The Key to Professional Hearing Loop Installation: Meeting the IEC Standard

Hearing loops are an incredibly flexible solution for improving the hearing accessibility of a space. As previously described, these systems can be installed in large areas that serve many simultaneously and in smaller areas where one-to-one communication occurs face-to-face or through glass. They can be installed in new and retrofit projects. Wherever they are being incorporated, the performance of a hearing loop system is largely dependent on its design and skillful installation.

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Counter loop systems are constantly on and work within a defined area, protecting the confidentiality of a conversation that occurs within the hearing loop space.

The International Electrotechnical Commission (IEC) specifies strict requirements and performance standards for hearing loop systems. The IEC performance standards ensure that the system is delivering optimal sound quality and providing a positive experience for the people with hearing loss who will be using the system.

There are two unique standards that inform the design and installation of a compliant hearing loop system. The technical requirements of the hearing loop system are located in IEC 60118-4. This standard establishes appropriate measuring methods and target values to ensure that the hearing loop systems deliver the correct signal strength to the audience. IEC 62489-1 provides guidance on the methods for measuring and specifying the performance of the various system components, including amplifiers, microphones, and playback equipment.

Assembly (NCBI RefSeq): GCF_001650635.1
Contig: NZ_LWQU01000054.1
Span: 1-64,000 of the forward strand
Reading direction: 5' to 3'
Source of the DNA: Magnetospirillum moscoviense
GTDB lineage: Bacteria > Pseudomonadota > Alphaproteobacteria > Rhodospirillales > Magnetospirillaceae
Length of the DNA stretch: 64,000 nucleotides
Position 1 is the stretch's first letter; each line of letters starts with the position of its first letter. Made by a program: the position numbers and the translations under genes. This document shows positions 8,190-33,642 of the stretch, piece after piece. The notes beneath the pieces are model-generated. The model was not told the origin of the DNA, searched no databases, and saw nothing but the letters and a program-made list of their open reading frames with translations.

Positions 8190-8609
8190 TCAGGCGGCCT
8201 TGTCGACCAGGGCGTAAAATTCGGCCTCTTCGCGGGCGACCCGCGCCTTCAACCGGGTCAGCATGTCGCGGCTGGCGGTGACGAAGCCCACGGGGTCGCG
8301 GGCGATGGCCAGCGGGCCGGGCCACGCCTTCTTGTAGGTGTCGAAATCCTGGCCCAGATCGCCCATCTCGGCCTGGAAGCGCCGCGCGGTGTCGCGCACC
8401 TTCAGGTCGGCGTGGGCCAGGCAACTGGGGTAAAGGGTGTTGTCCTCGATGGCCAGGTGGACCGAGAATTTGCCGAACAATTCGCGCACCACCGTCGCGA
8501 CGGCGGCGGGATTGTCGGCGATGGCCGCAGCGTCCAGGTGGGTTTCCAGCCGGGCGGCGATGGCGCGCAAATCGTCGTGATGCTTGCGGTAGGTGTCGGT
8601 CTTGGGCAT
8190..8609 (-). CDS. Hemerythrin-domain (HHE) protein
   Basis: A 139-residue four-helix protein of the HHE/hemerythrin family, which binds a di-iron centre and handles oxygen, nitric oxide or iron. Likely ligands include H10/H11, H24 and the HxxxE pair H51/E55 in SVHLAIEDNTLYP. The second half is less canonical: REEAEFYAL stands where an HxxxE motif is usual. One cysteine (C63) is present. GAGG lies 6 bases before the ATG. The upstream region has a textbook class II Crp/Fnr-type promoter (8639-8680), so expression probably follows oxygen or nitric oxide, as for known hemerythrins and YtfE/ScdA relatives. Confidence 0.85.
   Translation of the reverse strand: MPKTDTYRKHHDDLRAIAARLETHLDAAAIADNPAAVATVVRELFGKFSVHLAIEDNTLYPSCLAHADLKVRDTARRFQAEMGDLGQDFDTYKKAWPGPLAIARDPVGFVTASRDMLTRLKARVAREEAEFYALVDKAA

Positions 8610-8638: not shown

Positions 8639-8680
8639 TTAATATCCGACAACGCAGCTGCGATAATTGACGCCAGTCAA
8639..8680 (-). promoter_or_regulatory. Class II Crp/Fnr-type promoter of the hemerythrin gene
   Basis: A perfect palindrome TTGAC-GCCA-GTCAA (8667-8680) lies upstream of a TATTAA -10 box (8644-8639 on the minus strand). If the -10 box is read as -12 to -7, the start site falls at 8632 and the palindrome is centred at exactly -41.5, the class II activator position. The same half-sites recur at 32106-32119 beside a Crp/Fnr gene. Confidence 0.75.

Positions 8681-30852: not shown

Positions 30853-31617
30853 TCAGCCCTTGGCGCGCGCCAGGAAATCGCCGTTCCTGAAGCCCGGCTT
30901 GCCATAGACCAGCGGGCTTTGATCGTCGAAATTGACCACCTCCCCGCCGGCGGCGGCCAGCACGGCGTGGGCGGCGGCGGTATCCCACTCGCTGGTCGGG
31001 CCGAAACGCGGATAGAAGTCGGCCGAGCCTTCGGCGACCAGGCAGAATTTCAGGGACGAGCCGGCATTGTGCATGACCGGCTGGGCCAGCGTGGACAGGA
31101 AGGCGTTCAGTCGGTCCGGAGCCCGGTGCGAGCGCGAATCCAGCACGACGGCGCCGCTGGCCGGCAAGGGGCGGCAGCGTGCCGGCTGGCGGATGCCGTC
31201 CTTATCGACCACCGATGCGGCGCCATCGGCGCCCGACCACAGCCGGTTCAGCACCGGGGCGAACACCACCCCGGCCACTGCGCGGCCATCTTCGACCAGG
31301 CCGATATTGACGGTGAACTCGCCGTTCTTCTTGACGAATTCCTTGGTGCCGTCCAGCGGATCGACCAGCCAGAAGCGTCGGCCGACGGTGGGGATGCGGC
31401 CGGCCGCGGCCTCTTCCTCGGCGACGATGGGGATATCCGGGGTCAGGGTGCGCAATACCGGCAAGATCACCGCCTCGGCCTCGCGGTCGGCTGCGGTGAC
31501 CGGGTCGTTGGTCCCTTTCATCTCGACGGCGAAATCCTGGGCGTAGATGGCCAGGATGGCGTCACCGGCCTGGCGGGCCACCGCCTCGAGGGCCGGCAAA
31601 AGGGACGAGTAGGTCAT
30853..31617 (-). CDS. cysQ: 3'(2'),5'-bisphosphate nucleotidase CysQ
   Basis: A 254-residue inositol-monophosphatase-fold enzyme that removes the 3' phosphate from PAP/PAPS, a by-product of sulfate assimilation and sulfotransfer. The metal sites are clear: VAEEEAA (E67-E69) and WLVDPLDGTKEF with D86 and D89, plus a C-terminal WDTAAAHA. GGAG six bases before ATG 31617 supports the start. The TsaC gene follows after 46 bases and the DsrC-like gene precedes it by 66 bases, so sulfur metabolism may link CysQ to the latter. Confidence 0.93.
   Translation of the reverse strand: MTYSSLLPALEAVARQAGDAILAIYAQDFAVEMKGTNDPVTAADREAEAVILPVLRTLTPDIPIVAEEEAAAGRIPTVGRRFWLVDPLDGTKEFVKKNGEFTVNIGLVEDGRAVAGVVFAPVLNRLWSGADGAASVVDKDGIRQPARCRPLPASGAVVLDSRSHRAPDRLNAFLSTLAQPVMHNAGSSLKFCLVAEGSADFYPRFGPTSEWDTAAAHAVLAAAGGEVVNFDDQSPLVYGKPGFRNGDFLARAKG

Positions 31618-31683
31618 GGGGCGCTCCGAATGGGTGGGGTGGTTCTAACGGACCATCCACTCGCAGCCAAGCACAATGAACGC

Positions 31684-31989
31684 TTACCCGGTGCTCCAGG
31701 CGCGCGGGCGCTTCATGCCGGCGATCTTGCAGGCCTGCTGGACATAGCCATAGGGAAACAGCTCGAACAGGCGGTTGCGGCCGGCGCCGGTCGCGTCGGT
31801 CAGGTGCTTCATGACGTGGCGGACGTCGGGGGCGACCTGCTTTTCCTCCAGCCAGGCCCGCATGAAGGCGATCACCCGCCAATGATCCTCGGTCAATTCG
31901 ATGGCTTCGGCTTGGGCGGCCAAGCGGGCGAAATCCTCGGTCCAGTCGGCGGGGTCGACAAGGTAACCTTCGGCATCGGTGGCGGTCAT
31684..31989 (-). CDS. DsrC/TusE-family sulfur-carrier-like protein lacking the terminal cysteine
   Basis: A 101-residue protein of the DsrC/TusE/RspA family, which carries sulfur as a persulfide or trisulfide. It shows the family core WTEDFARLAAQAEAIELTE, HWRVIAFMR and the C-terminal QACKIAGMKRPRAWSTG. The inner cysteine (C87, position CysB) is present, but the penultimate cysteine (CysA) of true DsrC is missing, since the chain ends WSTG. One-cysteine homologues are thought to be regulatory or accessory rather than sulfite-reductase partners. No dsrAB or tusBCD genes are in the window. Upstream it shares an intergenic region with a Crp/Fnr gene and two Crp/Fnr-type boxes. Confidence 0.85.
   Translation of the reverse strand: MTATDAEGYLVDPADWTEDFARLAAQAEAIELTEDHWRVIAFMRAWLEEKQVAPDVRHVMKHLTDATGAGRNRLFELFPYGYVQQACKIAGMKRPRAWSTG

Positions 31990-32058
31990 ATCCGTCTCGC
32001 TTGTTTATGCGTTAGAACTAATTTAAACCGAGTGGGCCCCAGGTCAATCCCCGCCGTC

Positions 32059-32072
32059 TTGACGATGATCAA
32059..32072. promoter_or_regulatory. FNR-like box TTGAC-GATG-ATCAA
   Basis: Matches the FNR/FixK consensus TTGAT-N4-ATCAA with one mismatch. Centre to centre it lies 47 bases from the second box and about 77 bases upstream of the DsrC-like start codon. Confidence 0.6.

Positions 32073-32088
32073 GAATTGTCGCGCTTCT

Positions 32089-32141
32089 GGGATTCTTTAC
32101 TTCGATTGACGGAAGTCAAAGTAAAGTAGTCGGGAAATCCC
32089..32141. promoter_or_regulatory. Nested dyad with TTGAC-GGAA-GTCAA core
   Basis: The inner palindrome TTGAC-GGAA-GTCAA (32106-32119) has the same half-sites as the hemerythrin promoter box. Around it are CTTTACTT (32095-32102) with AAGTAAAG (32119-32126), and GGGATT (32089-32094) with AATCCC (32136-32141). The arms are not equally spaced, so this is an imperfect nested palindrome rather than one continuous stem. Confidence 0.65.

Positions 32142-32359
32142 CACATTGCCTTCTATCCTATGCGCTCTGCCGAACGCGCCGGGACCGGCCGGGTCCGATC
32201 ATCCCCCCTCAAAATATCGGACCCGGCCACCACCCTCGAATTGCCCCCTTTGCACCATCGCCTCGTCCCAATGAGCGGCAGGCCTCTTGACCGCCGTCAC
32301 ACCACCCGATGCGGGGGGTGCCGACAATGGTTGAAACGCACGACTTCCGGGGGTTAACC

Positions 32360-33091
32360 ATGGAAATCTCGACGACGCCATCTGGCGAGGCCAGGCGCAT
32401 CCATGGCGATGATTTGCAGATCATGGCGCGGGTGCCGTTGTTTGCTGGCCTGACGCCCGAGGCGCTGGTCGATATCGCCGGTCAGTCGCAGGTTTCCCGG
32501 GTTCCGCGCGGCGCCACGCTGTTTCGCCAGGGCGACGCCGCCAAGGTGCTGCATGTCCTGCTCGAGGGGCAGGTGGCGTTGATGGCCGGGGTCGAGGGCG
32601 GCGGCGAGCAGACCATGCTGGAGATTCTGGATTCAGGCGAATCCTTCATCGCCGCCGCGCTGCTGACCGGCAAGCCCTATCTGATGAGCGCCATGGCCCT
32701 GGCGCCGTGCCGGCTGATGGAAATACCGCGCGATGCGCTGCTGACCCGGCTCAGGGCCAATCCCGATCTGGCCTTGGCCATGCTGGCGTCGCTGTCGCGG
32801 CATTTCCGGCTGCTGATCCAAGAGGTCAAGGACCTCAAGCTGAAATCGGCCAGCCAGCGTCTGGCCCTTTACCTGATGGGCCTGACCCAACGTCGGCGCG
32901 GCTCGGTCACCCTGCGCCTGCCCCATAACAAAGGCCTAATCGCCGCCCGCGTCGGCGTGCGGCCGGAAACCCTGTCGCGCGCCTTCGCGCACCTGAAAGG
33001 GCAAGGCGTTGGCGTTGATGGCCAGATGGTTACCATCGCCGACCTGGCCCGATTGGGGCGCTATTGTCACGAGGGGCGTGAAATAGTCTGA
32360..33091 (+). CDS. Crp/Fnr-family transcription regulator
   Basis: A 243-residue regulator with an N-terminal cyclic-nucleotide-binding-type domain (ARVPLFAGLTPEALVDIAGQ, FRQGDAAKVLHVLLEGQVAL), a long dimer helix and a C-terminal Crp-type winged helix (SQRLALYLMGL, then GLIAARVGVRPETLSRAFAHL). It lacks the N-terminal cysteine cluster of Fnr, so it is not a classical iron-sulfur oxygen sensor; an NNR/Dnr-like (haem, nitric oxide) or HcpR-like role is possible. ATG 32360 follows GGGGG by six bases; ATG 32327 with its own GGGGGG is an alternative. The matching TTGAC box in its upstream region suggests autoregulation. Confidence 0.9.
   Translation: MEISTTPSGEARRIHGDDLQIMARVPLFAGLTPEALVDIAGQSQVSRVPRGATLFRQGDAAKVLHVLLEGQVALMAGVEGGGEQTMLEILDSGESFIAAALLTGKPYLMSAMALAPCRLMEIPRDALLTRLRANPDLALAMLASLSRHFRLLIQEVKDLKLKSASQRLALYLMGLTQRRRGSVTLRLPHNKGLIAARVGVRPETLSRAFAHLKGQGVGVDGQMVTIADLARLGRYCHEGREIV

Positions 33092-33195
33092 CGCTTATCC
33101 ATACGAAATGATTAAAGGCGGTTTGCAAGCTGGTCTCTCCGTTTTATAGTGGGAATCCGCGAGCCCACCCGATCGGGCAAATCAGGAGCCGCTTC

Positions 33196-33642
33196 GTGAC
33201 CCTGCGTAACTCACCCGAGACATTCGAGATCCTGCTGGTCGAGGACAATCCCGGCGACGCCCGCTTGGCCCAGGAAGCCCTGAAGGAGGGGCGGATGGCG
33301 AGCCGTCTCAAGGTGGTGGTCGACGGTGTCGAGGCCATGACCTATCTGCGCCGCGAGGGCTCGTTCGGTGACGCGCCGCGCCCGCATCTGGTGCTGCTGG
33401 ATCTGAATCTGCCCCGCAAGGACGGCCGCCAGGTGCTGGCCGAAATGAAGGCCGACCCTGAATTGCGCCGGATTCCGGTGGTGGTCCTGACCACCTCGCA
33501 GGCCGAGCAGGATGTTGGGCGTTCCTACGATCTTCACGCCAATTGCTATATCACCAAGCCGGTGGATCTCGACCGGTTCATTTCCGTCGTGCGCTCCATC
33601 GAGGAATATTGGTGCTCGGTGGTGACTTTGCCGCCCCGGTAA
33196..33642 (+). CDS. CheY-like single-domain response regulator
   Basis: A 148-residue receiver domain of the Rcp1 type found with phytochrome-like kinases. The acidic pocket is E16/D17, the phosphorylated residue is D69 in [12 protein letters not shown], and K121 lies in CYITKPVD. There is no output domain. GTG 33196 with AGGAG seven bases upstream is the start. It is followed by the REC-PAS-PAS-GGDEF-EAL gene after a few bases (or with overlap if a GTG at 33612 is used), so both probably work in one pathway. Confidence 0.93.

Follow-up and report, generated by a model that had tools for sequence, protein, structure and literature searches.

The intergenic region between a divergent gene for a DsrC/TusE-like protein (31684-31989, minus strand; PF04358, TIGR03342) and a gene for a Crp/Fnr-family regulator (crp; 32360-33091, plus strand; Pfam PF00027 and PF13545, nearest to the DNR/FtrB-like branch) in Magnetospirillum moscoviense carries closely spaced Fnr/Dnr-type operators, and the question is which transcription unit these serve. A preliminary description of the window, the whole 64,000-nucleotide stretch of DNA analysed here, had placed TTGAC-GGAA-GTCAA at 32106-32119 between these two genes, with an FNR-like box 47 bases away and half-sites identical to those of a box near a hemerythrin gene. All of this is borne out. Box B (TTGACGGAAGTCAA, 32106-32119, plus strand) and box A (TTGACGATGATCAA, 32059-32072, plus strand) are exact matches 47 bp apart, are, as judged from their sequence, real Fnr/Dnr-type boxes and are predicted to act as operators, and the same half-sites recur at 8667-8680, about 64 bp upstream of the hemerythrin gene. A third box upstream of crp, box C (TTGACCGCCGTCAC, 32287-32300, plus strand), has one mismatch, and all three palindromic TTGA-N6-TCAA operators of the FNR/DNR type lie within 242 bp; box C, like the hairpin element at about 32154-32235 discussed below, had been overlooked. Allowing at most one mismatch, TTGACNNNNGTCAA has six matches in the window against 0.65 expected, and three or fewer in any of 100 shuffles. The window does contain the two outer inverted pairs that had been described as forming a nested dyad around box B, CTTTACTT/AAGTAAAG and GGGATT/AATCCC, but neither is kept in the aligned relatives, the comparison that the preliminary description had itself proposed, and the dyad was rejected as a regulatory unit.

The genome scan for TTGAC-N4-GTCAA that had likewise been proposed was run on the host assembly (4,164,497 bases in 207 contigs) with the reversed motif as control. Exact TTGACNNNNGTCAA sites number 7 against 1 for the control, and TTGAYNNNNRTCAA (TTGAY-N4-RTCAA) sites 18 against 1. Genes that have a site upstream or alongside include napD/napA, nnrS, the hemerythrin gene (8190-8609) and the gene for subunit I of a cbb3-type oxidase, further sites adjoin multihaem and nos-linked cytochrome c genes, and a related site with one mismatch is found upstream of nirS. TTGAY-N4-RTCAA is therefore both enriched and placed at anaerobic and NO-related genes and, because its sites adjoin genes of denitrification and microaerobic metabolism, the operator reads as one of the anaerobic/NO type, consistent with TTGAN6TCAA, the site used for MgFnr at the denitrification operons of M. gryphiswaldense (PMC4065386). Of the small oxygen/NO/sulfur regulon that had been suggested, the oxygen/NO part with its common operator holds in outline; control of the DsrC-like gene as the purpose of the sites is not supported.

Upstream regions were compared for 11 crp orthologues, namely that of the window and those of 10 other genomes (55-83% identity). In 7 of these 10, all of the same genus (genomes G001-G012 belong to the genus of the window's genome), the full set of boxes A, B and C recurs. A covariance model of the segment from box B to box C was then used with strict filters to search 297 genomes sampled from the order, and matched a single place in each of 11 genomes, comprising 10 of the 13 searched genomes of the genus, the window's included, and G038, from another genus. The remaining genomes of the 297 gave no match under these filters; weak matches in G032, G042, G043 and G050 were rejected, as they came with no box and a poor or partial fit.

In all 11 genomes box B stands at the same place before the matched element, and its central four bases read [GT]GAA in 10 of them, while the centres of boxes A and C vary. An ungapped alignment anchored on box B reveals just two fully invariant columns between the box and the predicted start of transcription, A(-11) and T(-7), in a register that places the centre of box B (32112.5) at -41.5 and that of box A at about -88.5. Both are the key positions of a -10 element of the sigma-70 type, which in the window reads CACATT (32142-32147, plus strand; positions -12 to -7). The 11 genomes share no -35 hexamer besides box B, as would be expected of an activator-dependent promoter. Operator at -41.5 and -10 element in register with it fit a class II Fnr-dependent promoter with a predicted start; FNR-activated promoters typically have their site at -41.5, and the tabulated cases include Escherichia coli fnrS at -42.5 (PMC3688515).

It is recommended that the design and installation of hearing loop systems be entrusted only to qualified and trained personnel who are experienced in the specific type of application where the hearing loop is being installed. These professionals are trained to install hearing loops in a way in which the performance of the system will ultimately satisfy the IEC standard.

Conclusion